When someone’s addicted to anything—whether it’s porn, drugs, alcohol, or work, they’re usually running away from something in themselves, so it’s important that your husband get counseling or therapy to get to the root of this issue. Once he’s been in therapy for a little while, I would recommend couples’ counseling as well. Eventually, you might even want to look into taking a tantric class together so you can rebuild your relationship and sex lives on true intimacy, helping both of you be fully present in the new vibration of your relationship.

Great job at looking at this issue in your marriage.



My girlfriend is always accusing me of cheating on her. I am a faithful woman who has been in this relationship for several years and used to be very committed but now every time she does this, it just makes me want to actually go out and cheat on her although this is not my style at all. Should I break it off? Or is there a way to fix this?

–Had It up to Here (Portugal)


You might want to try relationship counseling if you have not already and she should also go to counseling on her own to address the root of her self-sabotaging behavior and fears. With the guidance of your relationship counselor or therapist, perhaps you could both set a timeframe for this behavior to change and agree on the consequences of this behavior continuing past this time.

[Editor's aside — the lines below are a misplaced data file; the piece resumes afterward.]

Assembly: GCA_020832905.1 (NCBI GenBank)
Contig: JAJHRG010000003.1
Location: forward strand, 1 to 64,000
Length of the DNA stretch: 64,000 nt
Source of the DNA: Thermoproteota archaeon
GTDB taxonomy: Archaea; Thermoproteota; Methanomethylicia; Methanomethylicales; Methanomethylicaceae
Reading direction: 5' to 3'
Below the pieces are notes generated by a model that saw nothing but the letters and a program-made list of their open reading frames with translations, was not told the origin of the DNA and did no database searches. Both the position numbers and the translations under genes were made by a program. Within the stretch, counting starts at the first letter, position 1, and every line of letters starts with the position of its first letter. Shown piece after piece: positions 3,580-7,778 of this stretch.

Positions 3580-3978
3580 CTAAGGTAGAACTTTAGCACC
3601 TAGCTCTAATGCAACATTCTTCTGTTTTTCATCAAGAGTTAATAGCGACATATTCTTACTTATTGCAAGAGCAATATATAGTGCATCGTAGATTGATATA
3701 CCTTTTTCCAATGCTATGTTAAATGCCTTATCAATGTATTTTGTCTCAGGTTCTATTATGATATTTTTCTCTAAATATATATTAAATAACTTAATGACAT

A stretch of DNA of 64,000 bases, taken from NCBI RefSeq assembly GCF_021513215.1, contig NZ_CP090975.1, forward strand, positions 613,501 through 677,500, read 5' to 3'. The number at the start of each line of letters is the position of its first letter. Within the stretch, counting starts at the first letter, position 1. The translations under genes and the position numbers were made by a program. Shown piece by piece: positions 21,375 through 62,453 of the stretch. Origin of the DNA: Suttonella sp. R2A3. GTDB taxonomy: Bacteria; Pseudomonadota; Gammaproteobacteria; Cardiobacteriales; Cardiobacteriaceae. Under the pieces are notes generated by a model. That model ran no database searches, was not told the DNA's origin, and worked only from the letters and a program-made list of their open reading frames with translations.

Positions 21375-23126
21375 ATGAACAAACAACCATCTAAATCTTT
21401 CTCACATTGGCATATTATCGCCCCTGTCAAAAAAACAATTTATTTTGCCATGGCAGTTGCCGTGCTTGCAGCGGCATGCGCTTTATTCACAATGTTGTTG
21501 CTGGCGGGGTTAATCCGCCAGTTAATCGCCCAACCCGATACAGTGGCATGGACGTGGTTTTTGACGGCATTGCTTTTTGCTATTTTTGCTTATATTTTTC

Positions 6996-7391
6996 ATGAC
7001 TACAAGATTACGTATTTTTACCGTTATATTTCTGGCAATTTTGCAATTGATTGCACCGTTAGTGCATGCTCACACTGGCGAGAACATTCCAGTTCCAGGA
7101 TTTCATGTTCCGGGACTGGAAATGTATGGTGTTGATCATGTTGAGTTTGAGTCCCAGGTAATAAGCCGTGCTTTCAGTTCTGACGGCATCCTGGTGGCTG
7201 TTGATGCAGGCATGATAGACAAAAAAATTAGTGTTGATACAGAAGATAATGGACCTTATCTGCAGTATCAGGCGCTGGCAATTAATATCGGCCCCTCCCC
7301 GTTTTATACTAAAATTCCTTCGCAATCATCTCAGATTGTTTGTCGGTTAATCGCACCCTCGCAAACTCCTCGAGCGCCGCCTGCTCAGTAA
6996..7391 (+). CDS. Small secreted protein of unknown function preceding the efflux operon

Communicate clearly to your girlfriend how this behavior is damaging the relationship and what the consequences of this behavior entail; e.g., your leaving the relationship since it seems you’re near a breaking point.

Only you can decide if this is a deal breaker for you or not. Do the positive aspects of this relationship outweigh the frustrations of this ongoing issue? If not, perhaps it is time to go once you’ve given it your best.

Your girlfriend’s behavior is a good example of how people can create the situations they dread the most through their own resistance and fear.

Either way, let go of any resistance to her false accusations. It is natural to want to do something you’re accused falsely of but it will only hurt both of you. 

%d bloggers like this: